Unexpectedly Low Variation in Salinity Levels
June 6. - 2024

Unexpectedly Low Variation in Salinity Levels

Ammodytes, or species of sand lances, are small pelagic fish which lack a swim bladder and burrow into sand to avoid predators and save energy. Sand lances are important in the coastal ecosystems as a food source for many marine fish species, seabirds, and mammals. Low numbers of sand lances have been connected to failure in reproduction of predators in other regions.

Conductivity, temperature and depth measured
Little is known about diel patterns of the sand lance species in the Northwest Atlantic and hence scientist from University of Manitoba, Canada, conducted a study on this at the northeast Newfoundland coast. Star-Oddi’s DST CTD loggers were attached together with cameras to metal frames to measure the salinity, temperature and depth. It was set to measure every 5 seconds near the seabed in the seven inshore areas where the population of Ammodytes was being investigated. Samples of sediment were also collected to measure the grain size in which the sand lace prefers to bury itself in.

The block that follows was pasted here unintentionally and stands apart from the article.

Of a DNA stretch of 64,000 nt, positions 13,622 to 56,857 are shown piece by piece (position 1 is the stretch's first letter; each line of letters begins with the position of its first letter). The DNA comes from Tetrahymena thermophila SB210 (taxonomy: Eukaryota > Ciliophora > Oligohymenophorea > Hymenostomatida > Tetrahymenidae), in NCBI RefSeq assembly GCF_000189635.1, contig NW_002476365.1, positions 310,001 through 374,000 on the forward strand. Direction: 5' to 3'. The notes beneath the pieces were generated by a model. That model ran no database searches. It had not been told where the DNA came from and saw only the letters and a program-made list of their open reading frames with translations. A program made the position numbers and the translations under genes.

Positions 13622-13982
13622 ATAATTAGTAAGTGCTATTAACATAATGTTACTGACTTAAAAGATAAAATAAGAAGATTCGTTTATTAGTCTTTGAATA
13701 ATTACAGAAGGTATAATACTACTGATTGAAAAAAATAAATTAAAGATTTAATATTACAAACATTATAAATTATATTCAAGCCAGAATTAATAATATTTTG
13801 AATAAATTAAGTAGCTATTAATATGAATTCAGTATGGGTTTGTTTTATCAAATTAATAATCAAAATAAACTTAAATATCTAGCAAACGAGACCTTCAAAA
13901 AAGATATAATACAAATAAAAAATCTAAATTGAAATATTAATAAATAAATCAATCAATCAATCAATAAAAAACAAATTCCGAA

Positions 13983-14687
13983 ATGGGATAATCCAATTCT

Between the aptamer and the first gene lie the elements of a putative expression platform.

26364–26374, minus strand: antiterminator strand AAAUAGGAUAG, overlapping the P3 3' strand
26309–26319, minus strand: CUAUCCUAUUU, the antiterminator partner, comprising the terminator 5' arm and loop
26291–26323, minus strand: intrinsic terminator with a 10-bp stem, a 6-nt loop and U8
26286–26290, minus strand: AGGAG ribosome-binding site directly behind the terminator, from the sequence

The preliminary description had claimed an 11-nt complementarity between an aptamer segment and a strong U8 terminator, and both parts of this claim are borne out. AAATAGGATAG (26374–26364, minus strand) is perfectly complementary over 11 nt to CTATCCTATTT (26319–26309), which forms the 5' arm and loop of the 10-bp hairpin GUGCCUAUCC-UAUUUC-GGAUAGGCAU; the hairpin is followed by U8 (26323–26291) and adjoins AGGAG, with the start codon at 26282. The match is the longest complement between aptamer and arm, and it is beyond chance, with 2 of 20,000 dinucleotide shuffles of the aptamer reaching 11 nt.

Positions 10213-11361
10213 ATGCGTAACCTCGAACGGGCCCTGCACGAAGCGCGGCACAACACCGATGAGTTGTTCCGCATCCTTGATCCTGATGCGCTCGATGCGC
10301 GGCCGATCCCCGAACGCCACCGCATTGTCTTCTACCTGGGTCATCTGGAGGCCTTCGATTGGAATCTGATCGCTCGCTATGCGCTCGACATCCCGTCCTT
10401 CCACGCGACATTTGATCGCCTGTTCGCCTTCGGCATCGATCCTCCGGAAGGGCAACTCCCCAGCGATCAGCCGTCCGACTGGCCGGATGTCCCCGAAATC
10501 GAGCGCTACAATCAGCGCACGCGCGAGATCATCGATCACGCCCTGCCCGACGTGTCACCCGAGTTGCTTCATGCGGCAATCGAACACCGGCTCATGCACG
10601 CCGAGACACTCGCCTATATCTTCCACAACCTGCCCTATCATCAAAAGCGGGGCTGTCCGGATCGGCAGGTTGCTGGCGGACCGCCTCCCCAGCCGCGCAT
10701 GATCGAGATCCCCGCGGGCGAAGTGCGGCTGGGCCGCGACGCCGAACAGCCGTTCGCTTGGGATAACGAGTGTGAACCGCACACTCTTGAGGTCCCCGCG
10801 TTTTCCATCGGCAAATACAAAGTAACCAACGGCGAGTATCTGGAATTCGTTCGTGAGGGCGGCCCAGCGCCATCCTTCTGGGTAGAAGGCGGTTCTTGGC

Preferred depth down to 41 meters
The preferred sediment grain size was recorded as in the range of 0.25-2 mm, and preferred temperatures were shown to be 1-11°C, typically ~2°C. Study sites were down to 41 meters. This is also shown in the figure below (fig. 3 from the article). The salinity measurements showed unexpectedly very little variation in the salinity between the investigated areas and was ultimately excluded from the analysis.

Similar diel patters as in other regions
Findings from this study suggest that sand lance tend to feed during day-time and bury in the sediment later in the day when stomachs are non-empty. These results correlate with diel patterns previously shown for sand lance in the Pacific and Northeast Atlantic regions.

Further results can be found in the article, published in Environmental Biology of Fishes here.

Photo: Ground Truth Trekking